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Only three of the ten houses are identified as to their architect---Claude Oakland, in each case.
While the subject of the designers of these houses has not been entirely neglected, it remains, in my opinion, a largely unsung aspect in Eichler
studies. The fact that so many laymen assume that Eichler himself designed these houses is no doubt the misconception most in need of remedy;
giving the various architects their due---and in the process coming to a finer understanding of their differences and their similarities---would be of
benefit to the Eichler community, to its supporters and to the interested public as well.
https://www.eichlernetwork.com/article/ ... hler-homes
"Aligning himself with a stable of progressive, empathic architectsÃ¢â‚¬â€�first the San Francisco firm of Anshen & Allen, then Jones & Emmons, later Claude Oakland . . ."
Were there really only three firms responsible for all Eichlers ?
https://www.midcenturyhome.com/category ... er-houses/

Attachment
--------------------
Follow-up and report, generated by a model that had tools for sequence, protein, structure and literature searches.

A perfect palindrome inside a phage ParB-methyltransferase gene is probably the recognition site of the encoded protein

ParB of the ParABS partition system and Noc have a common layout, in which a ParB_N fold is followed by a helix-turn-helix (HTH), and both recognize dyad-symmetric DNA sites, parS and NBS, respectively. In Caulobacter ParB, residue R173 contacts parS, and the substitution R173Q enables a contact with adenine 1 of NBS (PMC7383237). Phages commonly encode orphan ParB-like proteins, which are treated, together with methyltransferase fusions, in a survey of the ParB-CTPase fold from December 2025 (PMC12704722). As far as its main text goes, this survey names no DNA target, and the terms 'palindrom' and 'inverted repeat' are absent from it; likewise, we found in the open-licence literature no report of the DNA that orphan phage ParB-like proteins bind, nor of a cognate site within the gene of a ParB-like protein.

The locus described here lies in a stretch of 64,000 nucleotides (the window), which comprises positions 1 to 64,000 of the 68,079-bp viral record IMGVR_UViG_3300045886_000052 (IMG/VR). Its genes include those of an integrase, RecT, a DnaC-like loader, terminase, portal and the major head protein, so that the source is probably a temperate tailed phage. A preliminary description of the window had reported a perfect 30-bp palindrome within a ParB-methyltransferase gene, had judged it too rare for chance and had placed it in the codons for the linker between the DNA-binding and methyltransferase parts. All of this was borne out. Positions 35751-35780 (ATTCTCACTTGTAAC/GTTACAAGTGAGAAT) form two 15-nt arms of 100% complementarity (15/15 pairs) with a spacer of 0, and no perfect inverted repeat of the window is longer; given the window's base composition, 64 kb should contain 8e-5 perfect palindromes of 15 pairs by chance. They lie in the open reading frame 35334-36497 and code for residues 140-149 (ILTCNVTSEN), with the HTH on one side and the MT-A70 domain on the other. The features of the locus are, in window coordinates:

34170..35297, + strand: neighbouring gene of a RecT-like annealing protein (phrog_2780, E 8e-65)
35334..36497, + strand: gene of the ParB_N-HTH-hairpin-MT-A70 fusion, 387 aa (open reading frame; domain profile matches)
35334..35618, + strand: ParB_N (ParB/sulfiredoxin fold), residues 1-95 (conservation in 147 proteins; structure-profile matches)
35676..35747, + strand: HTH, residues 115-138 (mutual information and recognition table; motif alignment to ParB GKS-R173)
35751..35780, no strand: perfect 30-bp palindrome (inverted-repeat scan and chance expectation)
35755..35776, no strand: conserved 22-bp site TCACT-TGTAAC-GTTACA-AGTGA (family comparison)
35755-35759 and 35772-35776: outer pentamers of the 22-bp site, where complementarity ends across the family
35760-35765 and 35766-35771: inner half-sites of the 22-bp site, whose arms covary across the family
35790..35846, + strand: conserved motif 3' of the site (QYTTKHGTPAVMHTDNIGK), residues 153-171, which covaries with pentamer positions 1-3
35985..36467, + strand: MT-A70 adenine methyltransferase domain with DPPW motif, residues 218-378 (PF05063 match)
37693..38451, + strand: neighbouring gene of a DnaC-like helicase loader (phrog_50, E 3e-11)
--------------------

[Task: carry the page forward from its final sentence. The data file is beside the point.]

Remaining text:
the prototypical MCM---with its opaque street facade, large areas of glass "out back," slab floor and tilted---or flat---roof plane. We like to contrast the
former with the latter; Eichler demonstrated that the former could, and did, inspire (the designers of) the latter . . .
https://www.google.com/search?q=15+Ayal ... ent=safari
Such hedges are quite difficult to find, either in Schindler's view drawings (the above being a rare exception) or
in early photos. Virtually all the view drawings contain more naturalistic shrubbery and foliage---with, of course,
A few site drawings, including the Pueblo Ribera, James E How, and Kings Road site plans, include what read as continuous rectilinear bands of foliage.
Many of these perform a function as suburban privacy screens---dense but compact foliage. In
some cases they might have been replaced by fences carrying vines or other plant materials ?
It is obviously a matter of taste, and many people like hedges. I don't. Here in WeHo, privacy is ensured by 20' tall "hedges" of laurel or holly along the public sidewalk. That effectively creates, on the house side, a green wall, or garrison.